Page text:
There are many ways to judge the aesthetic merits of a tech product. You can look at the materials used in its making, its overall craftsmanship, or that old-fashioned intangible of “desirability”.

For me, it’s how long it can sit out in the open until my better half stages an intervention in the name of feng shui.

This process is a bit like The Hunger Games in that while it’s technically possible to survive the process, you have almost certainly lost by participating in it.

I won’t run through the full hall of shame here, but let’s just say the “Peloton Wars” of September 2020 were particularly brutal.

What does any of this have to do with the Bang & Olufsen Level? Well, this wireless portable speaker is one of the few devices to pass muster over the past year and rightly so.

From its wood-panelled grille to a svelte charging puck, the Danish audio brand’s latest offering is a bona fide stunner. Honestly, as good as it sounds – and it really does sound tremendous – I just like having the thing to look at.

Its midcentury suave does a lot to elevate my Ikea-bought kitchen table-cum-home office desk. Honestly, you’d expect as much from a creation that’ll set you back upwards of £1,099, depending on your choice of finish.

While that might sound like a lot of money for a speaker, even one from a brand with some serious hi-fi pedigree, the B&O Level has a very welcome trick up its sleeve: it’s built to last a long, long time.

By utilising a modular design, several of its grille, battery and streaming modules are all removable and replaceable – something that’s near unheard of for this kind of product.

“We approached the Level with the ambition of delivering at least a decade of sound,” says Mads Kogsgaard Hansen, Bang & Olufsen’s senior global manager of product circularity.

Outsmarting obsolescence

To state the somewhat obvious, most gadgets do not last ten years of usage, partly because of wear and tear, but often because of planned software obsolescence so their makers can sell you a new model instead.

It’s a practice that hurts both your cash flow and carbon footprint thanks to the energy used to create a replacement.

As Apple’s vice president of environment, policy and social initiatives Lisa Jackson told us last year, not buying the new iPhone is the “number one thing you can do” to help lessen your environmental impact and that philosophy applies to replacing anything you own.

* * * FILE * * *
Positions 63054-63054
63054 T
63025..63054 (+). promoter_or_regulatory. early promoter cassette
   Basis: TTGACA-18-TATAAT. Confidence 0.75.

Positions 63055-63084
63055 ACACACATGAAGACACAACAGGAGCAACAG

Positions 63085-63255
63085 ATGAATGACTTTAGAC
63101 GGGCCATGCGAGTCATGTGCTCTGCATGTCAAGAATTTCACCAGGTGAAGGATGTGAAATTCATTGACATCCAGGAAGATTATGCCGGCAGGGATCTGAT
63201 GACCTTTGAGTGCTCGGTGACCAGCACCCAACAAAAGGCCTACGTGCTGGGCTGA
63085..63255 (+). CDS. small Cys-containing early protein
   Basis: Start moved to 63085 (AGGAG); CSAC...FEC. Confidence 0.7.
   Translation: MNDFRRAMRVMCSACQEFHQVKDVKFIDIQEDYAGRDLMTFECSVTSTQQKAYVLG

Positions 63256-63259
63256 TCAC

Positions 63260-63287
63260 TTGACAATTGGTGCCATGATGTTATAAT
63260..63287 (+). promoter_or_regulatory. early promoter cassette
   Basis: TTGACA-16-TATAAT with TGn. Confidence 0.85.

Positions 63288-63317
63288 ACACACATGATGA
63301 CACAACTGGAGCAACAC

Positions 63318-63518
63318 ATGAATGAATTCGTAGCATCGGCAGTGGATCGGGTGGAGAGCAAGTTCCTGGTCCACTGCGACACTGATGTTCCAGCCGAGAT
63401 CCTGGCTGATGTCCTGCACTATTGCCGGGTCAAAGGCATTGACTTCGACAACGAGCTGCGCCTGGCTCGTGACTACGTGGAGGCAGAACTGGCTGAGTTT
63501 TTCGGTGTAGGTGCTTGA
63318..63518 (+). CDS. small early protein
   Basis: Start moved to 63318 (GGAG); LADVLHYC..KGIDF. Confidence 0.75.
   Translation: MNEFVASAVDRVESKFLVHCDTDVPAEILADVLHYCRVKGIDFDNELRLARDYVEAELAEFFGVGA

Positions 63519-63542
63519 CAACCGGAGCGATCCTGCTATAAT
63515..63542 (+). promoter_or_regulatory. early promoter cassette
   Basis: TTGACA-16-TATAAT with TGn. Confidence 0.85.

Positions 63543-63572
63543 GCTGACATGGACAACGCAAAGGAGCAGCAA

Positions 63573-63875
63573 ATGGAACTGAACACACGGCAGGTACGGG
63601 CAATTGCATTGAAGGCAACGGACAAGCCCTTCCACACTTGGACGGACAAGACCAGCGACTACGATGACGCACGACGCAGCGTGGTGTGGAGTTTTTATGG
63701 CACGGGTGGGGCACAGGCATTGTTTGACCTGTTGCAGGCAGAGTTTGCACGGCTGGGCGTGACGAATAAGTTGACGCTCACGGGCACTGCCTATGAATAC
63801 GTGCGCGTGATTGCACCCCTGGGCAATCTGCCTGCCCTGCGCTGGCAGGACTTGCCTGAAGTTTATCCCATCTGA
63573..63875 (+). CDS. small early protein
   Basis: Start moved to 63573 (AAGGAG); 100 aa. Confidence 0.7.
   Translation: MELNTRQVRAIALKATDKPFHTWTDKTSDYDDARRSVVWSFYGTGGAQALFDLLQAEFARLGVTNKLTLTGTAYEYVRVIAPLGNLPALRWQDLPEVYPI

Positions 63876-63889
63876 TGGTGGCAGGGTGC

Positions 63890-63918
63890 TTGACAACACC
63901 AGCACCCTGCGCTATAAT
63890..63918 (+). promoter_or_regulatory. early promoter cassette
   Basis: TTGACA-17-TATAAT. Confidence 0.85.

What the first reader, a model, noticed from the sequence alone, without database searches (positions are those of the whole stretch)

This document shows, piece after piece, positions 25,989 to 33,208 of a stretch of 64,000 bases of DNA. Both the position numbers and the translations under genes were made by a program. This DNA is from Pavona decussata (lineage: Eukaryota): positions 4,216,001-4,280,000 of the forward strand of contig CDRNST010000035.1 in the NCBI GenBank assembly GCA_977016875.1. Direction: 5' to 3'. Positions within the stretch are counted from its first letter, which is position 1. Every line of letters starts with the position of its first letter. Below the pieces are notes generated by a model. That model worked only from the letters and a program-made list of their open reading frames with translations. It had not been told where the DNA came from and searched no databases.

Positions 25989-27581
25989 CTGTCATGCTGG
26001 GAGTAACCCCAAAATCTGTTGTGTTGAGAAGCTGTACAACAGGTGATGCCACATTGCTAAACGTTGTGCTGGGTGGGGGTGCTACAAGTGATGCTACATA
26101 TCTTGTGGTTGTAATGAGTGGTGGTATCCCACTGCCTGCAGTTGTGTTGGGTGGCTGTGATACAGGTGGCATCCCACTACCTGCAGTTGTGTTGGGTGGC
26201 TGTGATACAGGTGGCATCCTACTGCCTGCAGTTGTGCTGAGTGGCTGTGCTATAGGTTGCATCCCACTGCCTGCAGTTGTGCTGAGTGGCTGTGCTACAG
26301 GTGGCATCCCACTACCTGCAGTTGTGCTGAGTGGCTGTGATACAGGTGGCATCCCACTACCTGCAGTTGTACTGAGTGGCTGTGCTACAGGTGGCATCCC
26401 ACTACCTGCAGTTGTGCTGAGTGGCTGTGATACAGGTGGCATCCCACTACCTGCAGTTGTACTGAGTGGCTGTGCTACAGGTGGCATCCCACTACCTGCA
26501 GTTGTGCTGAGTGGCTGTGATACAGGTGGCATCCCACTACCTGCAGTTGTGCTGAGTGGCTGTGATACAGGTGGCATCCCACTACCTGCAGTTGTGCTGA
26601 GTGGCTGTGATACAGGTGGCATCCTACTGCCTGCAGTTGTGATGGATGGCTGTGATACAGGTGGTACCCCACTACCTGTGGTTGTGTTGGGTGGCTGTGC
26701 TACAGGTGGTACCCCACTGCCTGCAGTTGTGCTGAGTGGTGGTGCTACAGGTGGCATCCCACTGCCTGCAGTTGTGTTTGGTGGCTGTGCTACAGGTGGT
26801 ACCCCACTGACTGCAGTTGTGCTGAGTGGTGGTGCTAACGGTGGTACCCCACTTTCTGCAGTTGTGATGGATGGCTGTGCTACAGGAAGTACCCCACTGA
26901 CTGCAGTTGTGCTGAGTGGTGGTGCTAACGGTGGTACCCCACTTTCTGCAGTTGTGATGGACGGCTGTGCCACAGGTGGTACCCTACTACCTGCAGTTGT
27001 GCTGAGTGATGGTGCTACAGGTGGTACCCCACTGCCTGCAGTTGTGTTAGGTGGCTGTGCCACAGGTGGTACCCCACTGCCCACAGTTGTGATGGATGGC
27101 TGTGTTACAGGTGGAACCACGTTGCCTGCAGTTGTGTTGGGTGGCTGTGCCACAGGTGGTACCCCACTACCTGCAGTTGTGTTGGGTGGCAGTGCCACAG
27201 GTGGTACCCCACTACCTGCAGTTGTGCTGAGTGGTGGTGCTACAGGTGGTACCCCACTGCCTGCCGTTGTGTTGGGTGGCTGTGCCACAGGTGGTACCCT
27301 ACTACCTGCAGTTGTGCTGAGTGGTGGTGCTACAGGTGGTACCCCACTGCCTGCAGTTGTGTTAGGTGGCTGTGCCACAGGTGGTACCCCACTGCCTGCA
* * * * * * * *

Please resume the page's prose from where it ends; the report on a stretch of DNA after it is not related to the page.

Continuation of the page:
Given that most speakers are destined to just sit on a table or countertop for the vast majority of their existence, there’s really no reason they shouldn’t stick around for the long haul either.

All that’s needed is a bit of design nous and institutional commitment to make this ambition a reality.

As such, swapping the Bang & Olufsen Level’s battery takes a screwdriver and a matter of minutes with the replacement part to hand.

Upgrading its streaming module requires sending the speaker off to B&O’s specialists but it’s got years of use in hand before new Wi-Fi and Bluetooth standards make that a necessity.

“We designed the streaming module so we only use 50 per cent of the processing power when you take it out of the box,” says Kogsgaard Hansen.

“That leaves us extra space for improvements and new features we can bring to the product over the years to come.”

Big sound that’ll travel

Of course, all this thoughtfulness and design finesse would be for nought if the Level didn’t sound utterly glorious. At 3.3kg it’s not the most portable speaker you’ll encounter, but you’ll want to schlep it around to wherever the people are in your home.

There’s a real depth and clarity to the audio here as well as versatility: you can sit the Level upright, lay it flat or hang it from a wall with the help of a bracket (£99) and it’ll adjust its playback accordingly. 

All of which is the sort of audio refinement you should expect from a speaker with a £1,000-plus price tag. Unlike wired alternatives such as Naim’s excellent Mu-So Qb 2 (£749) or the superb Bowers & Wilkins Formation Wedge (£899), the Level’s ample 16-hour battery life is there to be used to its fullest.

Recharging the speaker is a matter of attaching a cute, USB-C-compatible magnetic puck to its backside and waiting three hours (or more if you want to blast out a few tunes while doing so).

Despite this speaker’s comparatively smaller footprint, it’s still capable of filling a room with expansive tones. The cavernous harmonies of Fleet Foxes’ “Can I Believe You” really boom into life, while For Those I Love’s melancholic poetry proves crisp and piercing.

The best compliment I pay the Level is that you’ll want to play all your favorite songs through it to rediscover them. I had a joyous afternoon of escapism spent pirouetting from Big Star to the Cocteau Twins to Boards Of Canada in its company. If you’re into voice controls, it’s also Google Assistant compatible.

Bang & Olufsen Level verdict

The Bang & Olufsen Level is a true luxury and my favorite bit of new tech this year by far. It looks great, sounds sublime, and features some genuinely innovative tricks to bolster its eco-credentials and help extend its lifespan.

If that’s not enough to justify such a premium asking price I’m really not sure what is. With this modular concept set to be replicated in forthcoming B&O products, you have to wonder how long it will take until other hi-fi brands follow suit and offer a similar level of longevity as standard.

For now, the Level stands alone as a wireless speaker worth getting excited about.